You yourselves have seen what I did to Egypt, and how I carried you on eagles’ wings and brought you to myself. (Exodus 19: 4-6)
The beauty, power, and majesty of this image have been noted by commentators through the ages. It is inspiring, this act of love and redemption which enables the Israelites to become a holy nation. But the most transformative aspect of this verse is how it challenges us, beyond the first intoxicating rush of escape, to strive towards a soulful union with the Divine.
The eagle carries its young while teaching them to fly. According to Rabbi Natan Slifkin, director of the Biblical Museum of Natural History in Beit Shemesh, “One report of this behavior by “the golden eagle comes from Arthur Cleveland Bent, one of America’s greatest ornithologists, on the authority of Dr. L. Miller:
“The mother started from the nest in the crags and, roughly hand-ling the youngster, she allowed him to drop, I should say, about ninety feet; then she would swoop down under him, wings spread, and he would alight on her back. She would soar to the top of the range with him and repeat the process. Once perhaps she waited fifteen minutes between flights. I should say the farthest she let him fall was a hundred and fifty feet. My father and I watched him, spellbound, for over an hour.” (A. C. Bent, Bulletin of the Smithsonian Institution CLXVII , 302)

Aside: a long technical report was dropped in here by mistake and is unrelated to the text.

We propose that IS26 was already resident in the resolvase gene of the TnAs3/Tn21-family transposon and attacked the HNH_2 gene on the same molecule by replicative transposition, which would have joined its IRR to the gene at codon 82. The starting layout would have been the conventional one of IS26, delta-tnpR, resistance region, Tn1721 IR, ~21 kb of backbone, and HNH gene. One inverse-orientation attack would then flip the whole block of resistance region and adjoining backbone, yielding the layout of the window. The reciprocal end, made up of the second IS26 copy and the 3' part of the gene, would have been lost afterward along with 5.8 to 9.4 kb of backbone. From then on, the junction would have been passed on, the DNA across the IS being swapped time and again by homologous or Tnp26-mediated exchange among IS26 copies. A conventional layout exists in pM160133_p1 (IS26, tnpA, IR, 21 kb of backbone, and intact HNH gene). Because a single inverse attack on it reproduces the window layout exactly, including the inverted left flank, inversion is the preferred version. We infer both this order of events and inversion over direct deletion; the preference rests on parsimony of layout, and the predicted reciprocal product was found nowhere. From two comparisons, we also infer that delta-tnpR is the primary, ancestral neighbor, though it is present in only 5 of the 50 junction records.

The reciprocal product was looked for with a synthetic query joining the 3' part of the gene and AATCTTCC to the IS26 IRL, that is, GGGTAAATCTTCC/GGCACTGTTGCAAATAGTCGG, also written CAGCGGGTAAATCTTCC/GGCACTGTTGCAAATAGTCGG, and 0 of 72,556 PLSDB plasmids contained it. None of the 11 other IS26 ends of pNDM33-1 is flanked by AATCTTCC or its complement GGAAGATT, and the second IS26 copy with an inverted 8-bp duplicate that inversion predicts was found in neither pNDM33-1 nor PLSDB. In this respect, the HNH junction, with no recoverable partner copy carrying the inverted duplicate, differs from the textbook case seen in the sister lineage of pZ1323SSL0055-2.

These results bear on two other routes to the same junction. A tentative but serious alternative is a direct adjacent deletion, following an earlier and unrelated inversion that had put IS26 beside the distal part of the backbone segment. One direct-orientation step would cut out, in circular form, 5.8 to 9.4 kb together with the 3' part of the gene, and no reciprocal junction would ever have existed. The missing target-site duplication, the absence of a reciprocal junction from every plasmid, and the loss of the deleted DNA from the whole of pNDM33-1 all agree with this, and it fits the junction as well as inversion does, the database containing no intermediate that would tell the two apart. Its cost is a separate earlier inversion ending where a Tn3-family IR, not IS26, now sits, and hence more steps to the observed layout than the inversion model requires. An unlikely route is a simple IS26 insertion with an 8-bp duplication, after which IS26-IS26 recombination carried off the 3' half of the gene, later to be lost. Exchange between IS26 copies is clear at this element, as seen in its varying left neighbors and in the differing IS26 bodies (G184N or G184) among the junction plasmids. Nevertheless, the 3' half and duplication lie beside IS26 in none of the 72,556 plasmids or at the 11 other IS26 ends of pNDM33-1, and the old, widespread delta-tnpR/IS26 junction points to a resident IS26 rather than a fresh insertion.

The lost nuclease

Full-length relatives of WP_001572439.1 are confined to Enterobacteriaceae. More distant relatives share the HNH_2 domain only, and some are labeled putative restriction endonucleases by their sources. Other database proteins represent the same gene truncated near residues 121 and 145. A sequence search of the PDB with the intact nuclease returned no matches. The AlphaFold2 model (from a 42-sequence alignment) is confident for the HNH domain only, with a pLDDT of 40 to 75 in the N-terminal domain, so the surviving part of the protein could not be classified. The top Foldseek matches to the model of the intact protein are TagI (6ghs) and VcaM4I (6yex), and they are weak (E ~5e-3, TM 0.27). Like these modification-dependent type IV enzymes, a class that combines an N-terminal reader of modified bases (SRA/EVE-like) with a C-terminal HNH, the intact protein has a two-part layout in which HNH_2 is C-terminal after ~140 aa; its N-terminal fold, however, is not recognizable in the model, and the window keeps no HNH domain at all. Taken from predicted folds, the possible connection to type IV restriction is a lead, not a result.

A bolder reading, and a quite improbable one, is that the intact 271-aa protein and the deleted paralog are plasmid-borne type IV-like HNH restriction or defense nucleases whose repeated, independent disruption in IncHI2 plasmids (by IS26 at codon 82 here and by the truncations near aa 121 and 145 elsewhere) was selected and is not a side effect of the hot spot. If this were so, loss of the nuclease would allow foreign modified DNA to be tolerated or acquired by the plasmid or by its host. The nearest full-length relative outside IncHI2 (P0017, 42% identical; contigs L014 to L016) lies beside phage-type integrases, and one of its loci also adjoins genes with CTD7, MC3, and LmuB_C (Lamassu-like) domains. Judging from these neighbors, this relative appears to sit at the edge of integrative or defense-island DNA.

We humans do this, too. When we teach or guide others, at any point in our lives, it is a complex dance of nurture, pushing away, observing, and finding a fresh approach. It is how we learn to fly. So much in our tradition’s teachings compels us to do this – to expand our narrow places, and in doing so, to become fully human, able to recognize the Divine within ourselves and in others.
There is a meditation from Rav Abraham Isaac Kook’s Orot HaKodesh, which seems tailor-made for exploring the metaphor in Exodus 19:4. Its words:
Rise up, human.
Rise up, for you have tremendous strength.
You have wings of the spirit, wings of mighty eagles.
Do not deny them
Or they will deny you.
Seek them, and you will instantly find them.
Let us rise up, and join together, so that we may bring growth and healing where it is needed.
Dedicated to those who have raised up so many, the magnificent faculty of the Academy for Jewish Religion California.